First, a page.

by Jennie Ruby
The word elliptical actually does not refer to the shape of the sentence, but rather to the concept of ellipsis: leaving something out. In the following examples, the section in square brackets is the part that is left out.
Mentally inserting the omitted words can help you choose the correct pronoun:
Thinking about the omitted words can also help with different from versus different than. Than works with the elliptical words added:
But when we try adding the elliptical wording and it does not work, we need to use the word from:
Adding the words is different at the end of this sentence does not work--so we need from and not than. The correct sentence is this:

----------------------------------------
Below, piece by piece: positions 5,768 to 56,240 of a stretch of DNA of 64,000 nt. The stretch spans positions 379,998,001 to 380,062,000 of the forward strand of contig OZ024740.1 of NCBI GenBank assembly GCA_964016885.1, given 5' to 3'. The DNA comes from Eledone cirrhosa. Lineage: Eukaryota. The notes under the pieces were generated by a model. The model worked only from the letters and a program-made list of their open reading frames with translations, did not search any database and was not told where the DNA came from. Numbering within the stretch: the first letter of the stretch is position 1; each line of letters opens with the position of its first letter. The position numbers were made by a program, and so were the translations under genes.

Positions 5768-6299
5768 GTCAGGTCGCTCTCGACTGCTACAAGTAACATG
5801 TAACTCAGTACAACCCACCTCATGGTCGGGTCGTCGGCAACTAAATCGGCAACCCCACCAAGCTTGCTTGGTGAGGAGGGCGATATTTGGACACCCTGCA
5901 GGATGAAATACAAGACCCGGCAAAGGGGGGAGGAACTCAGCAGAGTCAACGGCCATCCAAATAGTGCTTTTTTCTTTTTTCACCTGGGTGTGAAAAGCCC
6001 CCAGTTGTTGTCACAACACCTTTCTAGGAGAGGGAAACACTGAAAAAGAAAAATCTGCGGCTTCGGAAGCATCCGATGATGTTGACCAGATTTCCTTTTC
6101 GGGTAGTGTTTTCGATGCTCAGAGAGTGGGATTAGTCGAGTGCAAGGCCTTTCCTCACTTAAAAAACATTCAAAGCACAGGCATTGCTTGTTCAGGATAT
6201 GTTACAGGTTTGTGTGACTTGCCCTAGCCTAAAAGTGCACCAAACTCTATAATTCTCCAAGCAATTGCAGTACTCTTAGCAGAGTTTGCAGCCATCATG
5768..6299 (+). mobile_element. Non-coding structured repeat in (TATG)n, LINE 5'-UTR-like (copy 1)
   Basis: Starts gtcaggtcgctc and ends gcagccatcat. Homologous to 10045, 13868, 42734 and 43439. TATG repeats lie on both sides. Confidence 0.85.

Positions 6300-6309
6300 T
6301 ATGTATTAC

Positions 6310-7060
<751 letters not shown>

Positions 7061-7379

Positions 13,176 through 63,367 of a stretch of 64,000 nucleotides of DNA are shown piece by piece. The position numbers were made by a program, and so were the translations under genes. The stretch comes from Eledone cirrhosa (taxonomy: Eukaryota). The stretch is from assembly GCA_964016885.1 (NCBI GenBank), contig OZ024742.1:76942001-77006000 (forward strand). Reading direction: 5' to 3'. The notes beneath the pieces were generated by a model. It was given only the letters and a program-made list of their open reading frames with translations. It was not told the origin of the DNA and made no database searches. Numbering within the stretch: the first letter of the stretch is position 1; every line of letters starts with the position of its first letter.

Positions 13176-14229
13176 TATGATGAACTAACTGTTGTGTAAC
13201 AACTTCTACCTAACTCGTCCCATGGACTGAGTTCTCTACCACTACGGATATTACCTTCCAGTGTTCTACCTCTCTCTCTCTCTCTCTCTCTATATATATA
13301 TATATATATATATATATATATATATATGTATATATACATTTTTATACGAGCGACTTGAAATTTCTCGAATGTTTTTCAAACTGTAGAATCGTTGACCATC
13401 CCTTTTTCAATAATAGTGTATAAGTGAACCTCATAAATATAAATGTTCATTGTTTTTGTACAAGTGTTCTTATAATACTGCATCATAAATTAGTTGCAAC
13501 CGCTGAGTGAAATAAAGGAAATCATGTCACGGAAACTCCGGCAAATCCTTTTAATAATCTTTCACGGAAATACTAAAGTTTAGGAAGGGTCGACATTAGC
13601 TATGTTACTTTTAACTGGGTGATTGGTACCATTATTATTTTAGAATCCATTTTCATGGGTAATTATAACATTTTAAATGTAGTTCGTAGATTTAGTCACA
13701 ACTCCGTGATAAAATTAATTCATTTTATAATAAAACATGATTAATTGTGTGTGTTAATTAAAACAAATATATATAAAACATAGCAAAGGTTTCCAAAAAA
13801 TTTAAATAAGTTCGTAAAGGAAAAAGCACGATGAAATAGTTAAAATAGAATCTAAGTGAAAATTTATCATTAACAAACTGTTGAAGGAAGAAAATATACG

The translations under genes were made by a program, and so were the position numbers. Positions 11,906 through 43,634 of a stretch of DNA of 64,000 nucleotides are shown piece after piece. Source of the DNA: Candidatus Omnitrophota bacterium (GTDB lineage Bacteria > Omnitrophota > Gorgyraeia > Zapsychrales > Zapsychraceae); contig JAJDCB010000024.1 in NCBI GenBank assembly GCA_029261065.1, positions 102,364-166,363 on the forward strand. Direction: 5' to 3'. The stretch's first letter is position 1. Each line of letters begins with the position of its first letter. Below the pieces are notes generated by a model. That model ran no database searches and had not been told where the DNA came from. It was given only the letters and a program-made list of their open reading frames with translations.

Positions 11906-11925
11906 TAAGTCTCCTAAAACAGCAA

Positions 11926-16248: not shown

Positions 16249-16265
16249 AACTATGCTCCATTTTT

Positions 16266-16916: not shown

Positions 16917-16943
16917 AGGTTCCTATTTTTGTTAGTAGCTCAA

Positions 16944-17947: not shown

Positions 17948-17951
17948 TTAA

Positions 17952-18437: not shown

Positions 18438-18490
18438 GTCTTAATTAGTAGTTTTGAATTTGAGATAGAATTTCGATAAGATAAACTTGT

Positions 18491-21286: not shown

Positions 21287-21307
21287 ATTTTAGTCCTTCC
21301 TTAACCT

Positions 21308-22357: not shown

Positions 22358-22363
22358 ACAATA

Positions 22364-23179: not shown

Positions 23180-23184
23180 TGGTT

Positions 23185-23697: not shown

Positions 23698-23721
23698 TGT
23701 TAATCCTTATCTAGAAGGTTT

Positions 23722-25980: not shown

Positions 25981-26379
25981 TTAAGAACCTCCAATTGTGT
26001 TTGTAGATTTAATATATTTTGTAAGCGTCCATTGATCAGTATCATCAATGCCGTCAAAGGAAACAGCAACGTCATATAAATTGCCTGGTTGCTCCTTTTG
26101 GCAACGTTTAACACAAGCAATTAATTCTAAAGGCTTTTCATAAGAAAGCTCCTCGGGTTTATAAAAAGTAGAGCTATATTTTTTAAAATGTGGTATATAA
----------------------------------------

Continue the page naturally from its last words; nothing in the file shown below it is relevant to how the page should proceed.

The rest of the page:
In the next example, using an elliptical sentence can save us a lot of words. When you take out the bracketed section in this next type of elliptical sentence, you put in a comma to indicate that words were left out:
Notice that in the elliptical sentence, the list commas had to be upgraded to semicolons once the list items contained commas.
So to test your pronouns, check for different than versus different from, and to eliminate wordiness, remember to use elliptical sentences, and you won't have to run around in circles trying to find the right answer.
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